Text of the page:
Teacher pay becomes prominent theme of this year’s budget season

St. Louis Public School teachers will soon witness a "historic" 17% pay bump over the next three years. Other districts are making similar choices.

We’re in the midst of the 2024-25 budget season and school districts are using this time to home in on a number of issues that could benefit from having more resources. According to this year’s media headlines, teacher pay is a hot topic.

School leaders in Dallas, Texas are expecting to reduce the number of central staff positions, The Dallas Morning News reports.  The 2024-25 budget is a result of enrollment declines and static state funding. Teacher pay, however, will see an increase.

The anticipated $1.9 billion budget suggests cutting nearly 75% of full-time central staff positions. As for teacher compensation, they expect to raise the minimum salary to $62,000 following last year’s $61,000 mandate.

“This is a work in progress,” Superintendent Stephanie Elizalde told the school board.

Teachers in Washington County, Virginia, are waiting for their state’s budget to be finalized, which could result in a 3% pay raise, the Bristol Herald Courier reports.

“The state budget is not complete,” Washington County Schools Superintendent Keith Perrigan said during a school board meeting on Monday. “Unless something really crazy happens, we’re guaranteed a state raise of 3 percent.”

As for Charlotte-Mecklenburg Schools Superintendent Crystal Hill, teacher pay is a top-of-mind priority.

On Tuesday, Hill discussed the district’s $1.9 billion budget during a board meeting. She plans on using $14 million to boost teacher pay, especially for those who have served in North Carolina for more than 25 years, WCNC Charlotte reports.

If things go to plan, the starting salary for teachers would increase by 4.5%. This comes after the state’s governor proposed an 18% pay raise over two years this time last year. However, that proposal was rejected by the General Assembly. They approved a 7% pay raise instead.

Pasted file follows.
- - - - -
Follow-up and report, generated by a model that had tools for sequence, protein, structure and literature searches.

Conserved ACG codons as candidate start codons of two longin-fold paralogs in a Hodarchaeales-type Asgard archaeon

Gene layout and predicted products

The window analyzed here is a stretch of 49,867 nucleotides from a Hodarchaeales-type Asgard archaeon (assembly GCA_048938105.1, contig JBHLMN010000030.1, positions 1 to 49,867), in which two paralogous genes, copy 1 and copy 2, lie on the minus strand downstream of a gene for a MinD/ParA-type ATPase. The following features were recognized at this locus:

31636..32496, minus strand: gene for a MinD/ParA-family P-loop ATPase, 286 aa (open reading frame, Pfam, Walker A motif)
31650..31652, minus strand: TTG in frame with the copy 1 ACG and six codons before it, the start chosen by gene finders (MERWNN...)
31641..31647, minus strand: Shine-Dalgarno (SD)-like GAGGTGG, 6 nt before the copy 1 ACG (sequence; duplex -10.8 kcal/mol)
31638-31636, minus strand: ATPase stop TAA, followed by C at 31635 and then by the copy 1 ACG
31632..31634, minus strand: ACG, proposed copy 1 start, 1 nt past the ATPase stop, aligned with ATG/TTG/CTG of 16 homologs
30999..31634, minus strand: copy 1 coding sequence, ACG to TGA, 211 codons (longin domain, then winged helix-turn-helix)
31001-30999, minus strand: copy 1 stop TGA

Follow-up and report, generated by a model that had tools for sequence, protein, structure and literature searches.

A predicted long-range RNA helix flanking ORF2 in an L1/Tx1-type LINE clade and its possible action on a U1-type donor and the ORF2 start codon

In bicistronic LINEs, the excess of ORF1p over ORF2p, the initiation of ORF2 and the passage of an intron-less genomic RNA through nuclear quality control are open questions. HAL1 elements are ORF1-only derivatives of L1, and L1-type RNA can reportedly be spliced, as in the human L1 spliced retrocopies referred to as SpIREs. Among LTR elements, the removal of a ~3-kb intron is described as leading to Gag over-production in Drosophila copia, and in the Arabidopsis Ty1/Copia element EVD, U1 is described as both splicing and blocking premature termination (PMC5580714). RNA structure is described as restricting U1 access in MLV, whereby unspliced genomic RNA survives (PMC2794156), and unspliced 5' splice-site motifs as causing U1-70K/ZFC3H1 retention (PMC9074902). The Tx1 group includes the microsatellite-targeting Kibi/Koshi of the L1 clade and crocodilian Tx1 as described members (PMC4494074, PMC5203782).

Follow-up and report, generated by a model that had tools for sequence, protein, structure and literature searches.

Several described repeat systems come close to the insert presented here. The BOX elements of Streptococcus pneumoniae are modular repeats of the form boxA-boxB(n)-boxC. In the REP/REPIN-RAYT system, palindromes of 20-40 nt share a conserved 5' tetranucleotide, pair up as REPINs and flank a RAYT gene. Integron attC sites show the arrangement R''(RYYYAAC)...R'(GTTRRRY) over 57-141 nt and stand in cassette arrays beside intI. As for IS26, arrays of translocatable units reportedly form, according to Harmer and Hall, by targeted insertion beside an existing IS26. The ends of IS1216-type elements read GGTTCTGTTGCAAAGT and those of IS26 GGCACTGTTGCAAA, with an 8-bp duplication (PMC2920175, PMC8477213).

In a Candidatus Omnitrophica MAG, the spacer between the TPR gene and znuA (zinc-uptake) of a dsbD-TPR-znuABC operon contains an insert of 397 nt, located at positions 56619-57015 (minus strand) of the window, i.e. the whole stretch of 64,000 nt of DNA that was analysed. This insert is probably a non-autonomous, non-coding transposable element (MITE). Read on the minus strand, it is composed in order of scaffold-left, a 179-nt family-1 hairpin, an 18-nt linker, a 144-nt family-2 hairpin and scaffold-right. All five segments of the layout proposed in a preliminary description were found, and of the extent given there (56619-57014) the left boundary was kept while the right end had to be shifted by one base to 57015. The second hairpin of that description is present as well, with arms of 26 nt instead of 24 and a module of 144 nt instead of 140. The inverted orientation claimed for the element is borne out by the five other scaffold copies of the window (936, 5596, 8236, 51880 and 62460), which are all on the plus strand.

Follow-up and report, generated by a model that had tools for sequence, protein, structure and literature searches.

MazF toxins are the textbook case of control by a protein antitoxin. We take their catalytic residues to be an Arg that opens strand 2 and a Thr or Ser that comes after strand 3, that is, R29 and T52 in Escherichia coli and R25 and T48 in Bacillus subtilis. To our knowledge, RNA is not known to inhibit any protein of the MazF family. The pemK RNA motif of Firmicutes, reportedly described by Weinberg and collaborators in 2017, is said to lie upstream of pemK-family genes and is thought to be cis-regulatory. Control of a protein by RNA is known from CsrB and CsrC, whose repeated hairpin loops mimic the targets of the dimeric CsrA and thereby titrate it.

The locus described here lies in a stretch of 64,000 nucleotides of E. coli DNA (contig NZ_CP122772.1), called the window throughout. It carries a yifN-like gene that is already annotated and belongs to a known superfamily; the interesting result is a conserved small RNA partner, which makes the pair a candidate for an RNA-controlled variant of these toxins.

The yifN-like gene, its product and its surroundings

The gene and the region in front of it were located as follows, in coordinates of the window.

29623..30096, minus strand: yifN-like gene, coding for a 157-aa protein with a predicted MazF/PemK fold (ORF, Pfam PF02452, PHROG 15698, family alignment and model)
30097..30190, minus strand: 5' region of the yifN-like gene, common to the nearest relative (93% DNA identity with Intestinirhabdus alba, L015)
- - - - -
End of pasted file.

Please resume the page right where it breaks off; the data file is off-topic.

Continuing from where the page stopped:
Other ways of improving pay

Aside from revamping school budgets to boost teacher compensation, leaders are looking to other creative solutions to support educators and help them feel revered in their profession, including those who aren’t yet full-time teachers.

Pennsylvania Governor Josh Shapiro recently announced a new stipend program that would allow student teachers to receive $15,000 through the state’s Educator Pipeline Support Grant Program.

“The student-teacher support program is needed now more than ever,” Amber Bloom, vice president of the Student Pennsylvania State Education Association and a student at the University of Pittsburgh-Greensburg, told CBS News. “Student teachers often have to give up part-time jobs in order to give their student teaching the attention that it deserves.”

Providing aspiring educators a substantial stipend is a win for the profession, she added.

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Teachers at St. Louis Public Schools are about to receive a “historic” pay hike of 17% over the next three years, the largest pay bump the district’s awarded in two decades, PBS NewsHour reports.

Superintendent Keisha Scarlett said the boost will bring the average starting salary up to nearly $50,000 a year, which supersedes the state average of around $34,000. Missouri also ranks 50th in the country for average starting teacher salaries, according to a 2023 report from the National Education Association.

“Missouri has struggled in keeping up with average salaries for educators, so here at Saint Louis Public Schools, we’ve always worked to stay well ahead of statewide averages and we’ve continued this commitment with this compensation plan here,” Scarlett told PBS Newshour.

Micah Ward
Micah Wardhttps://districtadministration.com
Micah Ward is a District Administration staff writer. He recently earned his master’s degree in Journalism at the University of Alabama. He spent his time during graduate school working on his master’s thesis. He’s also a self-taught guitarist who loves playing folk-style music.

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